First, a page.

Vin Crosbie (who knows more about this than I do) says that the Web didn’t kill Editor & Publisher as a weekly. He blames by poor management by VNU.
I confess, I haven’t read E&P since 1996. So, I was alarmed to read Vin say that the magazine declined under the management of VNU. Really alarmed. In the 90s, before they were bought by VNU, E&P was arguably the worst trade magazine in America.
He then makes two excellent points:
- Circulation declined under VNU.Surely a big part of this circulation decline is due to the Web. I’m not the only person who has stopped reading the weekly trades because they no longer contain any news.
- Advertising was decimated by too-high ad rates and advertiser migration to the production-specific magazine Newspapers and Technology. I can hear the pitch now: “Why waste money to reach an audience who don’t have any purchasing authority over presses/paper/computer/services? And why pay to reach them four times a month?” I’m already reaching for my checkbook. That a humble industrial trade like Newspapers and Technology can bring low the mighty journal of journalism itself is a symptom of the decline of newspapering as a American endeavor.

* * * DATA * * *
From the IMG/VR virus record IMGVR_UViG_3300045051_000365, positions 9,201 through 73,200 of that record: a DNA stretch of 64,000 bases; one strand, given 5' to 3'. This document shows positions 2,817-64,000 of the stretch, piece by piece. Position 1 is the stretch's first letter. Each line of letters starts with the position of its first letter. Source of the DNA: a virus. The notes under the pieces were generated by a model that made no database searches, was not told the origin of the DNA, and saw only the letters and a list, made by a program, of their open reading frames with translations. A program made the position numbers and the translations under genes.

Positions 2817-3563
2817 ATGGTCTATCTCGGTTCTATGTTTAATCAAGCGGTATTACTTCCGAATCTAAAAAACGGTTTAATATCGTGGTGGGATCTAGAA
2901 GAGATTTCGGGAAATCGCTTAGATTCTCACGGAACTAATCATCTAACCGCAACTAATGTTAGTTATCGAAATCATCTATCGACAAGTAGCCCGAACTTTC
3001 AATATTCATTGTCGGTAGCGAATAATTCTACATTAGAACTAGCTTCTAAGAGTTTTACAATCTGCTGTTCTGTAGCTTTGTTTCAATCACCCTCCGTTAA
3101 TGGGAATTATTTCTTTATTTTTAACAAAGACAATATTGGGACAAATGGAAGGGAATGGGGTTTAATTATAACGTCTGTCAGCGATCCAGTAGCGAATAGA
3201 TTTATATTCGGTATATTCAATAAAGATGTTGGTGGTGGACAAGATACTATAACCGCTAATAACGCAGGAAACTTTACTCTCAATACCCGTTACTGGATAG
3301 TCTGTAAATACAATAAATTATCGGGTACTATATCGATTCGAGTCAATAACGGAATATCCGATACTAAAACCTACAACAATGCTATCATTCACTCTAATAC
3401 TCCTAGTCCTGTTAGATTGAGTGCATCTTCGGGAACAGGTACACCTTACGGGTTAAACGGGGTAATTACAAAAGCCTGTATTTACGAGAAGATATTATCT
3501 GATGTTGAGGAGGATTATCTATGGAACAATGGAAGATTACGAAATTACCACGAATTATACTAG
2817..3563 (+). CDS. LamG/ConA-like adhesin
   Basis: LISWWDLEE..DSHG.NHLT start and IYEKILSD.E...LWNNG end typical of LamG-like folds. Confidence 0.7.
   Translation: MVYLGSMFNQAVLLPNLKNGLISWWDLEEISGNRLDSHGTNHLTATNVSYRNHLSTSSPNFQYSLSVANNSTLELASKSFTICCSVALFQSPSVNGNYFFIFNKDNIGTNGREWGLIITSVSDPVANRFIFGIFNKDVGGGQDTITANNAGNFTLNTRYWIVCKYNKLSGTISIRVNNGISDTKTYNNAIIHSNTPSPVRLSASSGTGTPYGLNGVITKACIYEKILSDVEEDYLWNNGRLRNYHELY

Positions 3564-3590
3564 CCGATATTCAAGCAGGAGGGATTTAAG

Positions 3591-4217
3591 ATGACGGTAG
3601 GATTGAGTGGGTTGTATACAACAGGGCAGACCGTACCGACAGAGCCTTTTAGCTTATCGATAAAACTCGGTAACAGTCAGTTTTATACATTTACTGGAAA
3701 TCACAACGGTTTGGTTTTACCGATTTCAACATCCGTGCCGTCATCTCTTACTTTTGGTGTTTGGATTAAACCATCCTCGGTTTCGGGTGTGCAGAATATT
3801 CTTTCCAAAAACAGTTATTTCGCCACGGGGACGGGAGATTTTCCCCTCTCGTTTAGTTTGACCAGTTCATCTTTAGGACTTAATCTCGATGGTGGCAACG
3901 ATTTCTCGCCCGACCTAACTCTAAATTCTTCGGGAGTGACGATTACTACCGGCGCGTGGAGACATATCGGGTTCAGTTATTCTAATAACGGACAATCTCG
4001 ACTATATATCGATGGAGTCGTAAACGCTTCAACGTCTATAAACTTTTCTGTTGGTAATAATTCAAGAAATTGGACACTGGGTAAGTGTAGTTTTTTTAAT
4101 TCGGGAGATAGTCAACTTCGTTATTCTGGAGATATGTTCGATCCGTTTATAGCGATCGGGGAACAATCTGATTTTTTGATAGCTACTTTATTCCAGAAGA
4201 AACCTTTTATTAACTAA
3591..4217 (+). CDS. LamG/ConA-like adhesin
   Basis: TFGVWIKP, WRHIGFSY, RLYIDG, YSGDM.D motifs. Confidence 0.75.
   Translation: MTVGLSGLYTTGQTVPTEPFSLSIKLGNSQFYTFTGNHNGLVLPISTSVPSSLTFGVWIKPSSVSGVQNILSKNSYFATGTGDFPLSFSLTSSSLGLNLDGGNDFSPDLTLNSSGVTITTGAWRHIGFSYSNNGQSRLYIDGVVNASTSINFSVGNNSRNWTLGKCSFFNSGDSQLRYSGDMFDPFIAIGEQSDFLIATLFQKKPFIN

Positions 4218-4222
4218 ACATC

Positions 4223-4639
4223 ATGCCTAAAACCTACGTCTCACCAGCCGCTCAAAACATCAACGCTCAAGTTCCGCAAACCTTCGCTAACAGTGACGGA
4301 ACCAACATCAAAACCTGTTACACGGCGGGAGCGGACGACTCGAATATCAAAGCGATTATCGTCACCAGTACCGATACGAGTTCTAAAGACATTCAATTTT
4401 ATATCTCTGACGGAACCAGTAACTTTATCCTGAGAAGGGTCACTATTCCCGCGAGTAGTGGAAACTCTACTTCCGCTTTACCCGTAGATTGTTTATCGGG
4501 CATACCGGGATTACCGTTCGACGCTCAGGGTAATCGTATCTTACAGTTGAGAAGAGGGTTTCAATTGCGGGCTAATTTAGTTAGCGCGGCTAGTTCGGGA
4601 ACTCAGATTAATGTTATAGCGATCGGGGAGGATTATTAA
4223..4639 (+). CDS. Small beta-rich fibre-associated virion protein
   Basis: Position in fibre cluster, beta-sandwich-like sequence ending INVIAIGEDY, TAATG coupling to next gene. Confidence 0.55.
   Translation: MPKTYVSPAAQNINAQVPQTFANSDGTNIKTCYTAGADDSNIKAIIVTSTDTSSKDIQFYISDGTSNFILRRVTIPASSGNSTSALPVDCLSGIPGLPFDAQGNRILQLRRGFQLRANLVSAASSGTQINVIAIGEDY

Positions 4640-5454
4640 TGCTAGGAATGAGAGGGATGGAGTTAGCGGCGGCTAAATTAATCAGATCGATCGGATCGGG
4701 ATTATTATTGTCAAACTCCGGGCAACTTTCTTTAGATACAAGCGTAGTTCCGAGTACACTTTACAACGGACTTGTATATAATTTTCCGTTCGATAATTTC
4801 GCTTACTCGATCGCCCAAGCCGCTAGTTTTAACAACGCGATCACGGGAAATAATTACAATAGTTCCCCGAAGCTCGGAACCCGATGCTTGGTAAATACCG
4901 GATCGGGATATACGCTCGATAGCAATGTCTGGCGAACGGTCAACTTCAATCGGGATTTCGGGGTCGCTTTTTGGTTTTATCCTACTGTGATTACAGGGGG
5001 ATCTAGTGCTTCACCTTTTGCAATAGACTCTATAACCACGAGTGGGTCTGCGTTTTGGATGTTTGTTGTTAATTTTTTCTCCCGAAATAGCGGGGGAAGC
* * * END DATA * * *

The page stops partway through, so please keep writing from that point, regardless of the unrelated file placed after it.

There is no reason for E&P to be weekly. That didn’t serve its readers and it didn’t serve its advertisers. E&P barely has any reason to exist as a monthly, now that the industry is milling about waiting for permission to become a subsidiary of the NAB.
E&P has been drawing dead for a decade or two. It would have been doomed by the consolidation of the industry even if the Web hadn’t made weeklies irrelevant, or VNU hadn’t stepped in to manage its decline. But today, every weekly trade in America needs to think about whether they’re on the right frequency.